We certainly provide our children with an "education" by our own words and deeds. And as friends and neighbors we certainly learn from each other.


    People that are ignorant of the true nature of mental illness in most cases have just never been introduced to the truth. So, wherever you may be, if the opportunity presents itself, tell your neighbors and friends about your experience with mental illness. Make it clear that we are regular people with a health problem very much like all the others. Most often they will accept what you say at face value. They will look at you and say "I never realized." Then they will start asking you questions about what it is like.


    I'm not suggesting that we launch an all out assault and start stopping strangers on the street to tell them about our experience or cornering people at work. I'm talking about speaking out forthrightly about our personal experiences when the subject comes up, or responding diplomatically when someone makes a discriminatory remark.


    When you think about it, if we are 20% of the population and we all do this, we each, on average, only have to reach five other people. That's certainly a manageable number.

    So, speak out! We can persuade the general public to stand up with us and demand a solution. After all, they all have a family member or friend that suffers from mental illness. They do in fact have us. Let's tell them the truth and get this done. Until we do, we are going to have to live with a double standard when it comes to functionality, a standard that stacks the deck against us.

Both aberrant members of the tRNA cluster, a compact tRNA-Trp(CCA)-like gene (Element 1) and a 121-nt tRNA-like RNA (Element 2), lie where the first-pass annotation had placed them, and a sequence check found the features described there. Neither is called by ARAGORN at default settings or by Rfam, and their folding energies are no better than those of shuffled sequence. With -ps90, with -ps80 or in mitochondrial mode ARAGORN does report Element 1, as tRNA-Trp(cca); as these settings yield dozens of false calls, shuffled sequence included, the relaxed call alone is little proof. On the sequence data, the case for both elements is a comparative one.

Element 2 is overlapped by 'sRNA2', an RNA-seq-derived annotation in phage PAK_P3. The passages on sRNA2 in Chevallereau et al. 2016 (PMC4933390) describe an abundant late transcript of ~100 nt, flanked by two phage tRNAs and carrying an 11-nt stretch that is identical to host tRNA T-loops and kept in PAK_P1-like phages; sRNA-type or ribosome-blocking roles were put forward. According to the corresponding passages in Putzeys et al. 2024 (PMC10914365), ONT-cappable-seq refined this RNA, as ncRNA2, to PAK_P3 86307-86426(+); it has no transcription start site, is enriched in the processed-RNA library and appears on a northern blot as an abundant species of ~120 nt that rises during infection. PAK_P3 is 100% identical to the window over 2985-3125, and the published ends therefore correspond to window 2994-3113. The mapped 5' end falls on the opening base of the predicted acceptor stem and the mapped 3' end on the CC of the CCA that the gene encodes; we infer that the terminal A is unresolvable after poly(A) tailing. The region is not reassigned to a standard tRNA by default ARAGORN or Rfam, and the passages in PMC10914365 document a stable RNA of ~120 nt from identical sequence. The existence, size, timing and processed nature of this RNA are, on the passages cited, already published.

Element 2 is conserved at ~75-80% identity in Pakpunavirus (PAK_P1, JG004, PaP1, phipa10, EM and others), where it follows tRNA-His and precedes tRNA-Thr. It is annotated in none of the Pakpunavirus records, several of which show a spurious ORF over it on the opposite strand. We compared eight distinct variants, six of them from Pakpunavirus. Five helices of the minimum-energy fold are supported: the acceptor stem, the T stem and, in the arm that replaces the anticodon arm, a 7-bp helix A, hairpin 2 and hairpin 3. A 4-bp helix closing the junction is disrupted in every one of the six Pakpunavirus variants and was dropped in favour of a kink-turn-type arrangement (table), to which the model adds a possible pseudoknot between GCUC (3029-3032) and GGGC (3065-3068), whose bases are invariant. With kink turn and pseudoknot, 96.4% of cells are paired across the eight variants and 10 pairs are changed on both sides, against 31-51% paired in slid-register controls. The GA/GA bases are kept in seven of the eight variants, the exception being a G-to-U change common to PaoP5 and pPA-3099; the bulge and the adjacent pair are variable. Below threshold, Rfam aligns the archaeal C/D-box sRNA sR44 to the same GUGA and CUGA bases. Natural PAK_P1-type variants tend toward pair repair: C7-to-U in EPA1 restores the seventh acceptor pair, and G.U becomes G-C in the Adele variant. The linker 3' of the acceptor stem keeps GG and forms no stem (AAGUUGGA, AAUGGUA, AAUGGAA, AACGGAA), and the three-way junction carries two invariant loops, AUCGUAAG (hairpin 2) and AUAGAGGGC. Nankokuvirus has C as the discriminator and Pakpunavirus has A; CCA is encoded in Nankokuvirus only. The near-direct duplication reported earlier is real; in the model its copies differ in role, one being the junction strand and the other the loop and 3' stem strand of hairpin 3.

Next week I will tell and show you how, with the help of a good psychiatrist and therapist, and the assistance of my parents, I learned over many years to maintain my standards of functionality and still meet society's standards sufficiently to prosper.


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    Make a brief comment. Give us your reaction, good or bad. Enter your own SharePost. Your response can be of any length, short, long, whatever, and you can do this anonymously if this makes you more comfortable. But whatever you do, join in our dialogue. We need your insight, your point of view. Remember, you can speak with experiential authority.



    Please remember, this writing reflects my own experience and opinions. If you, or a loved one, are experiencing the symptoms of schizophrenia, or any other mental illness, you should seek professional assistance.


Published On: November 12, 2007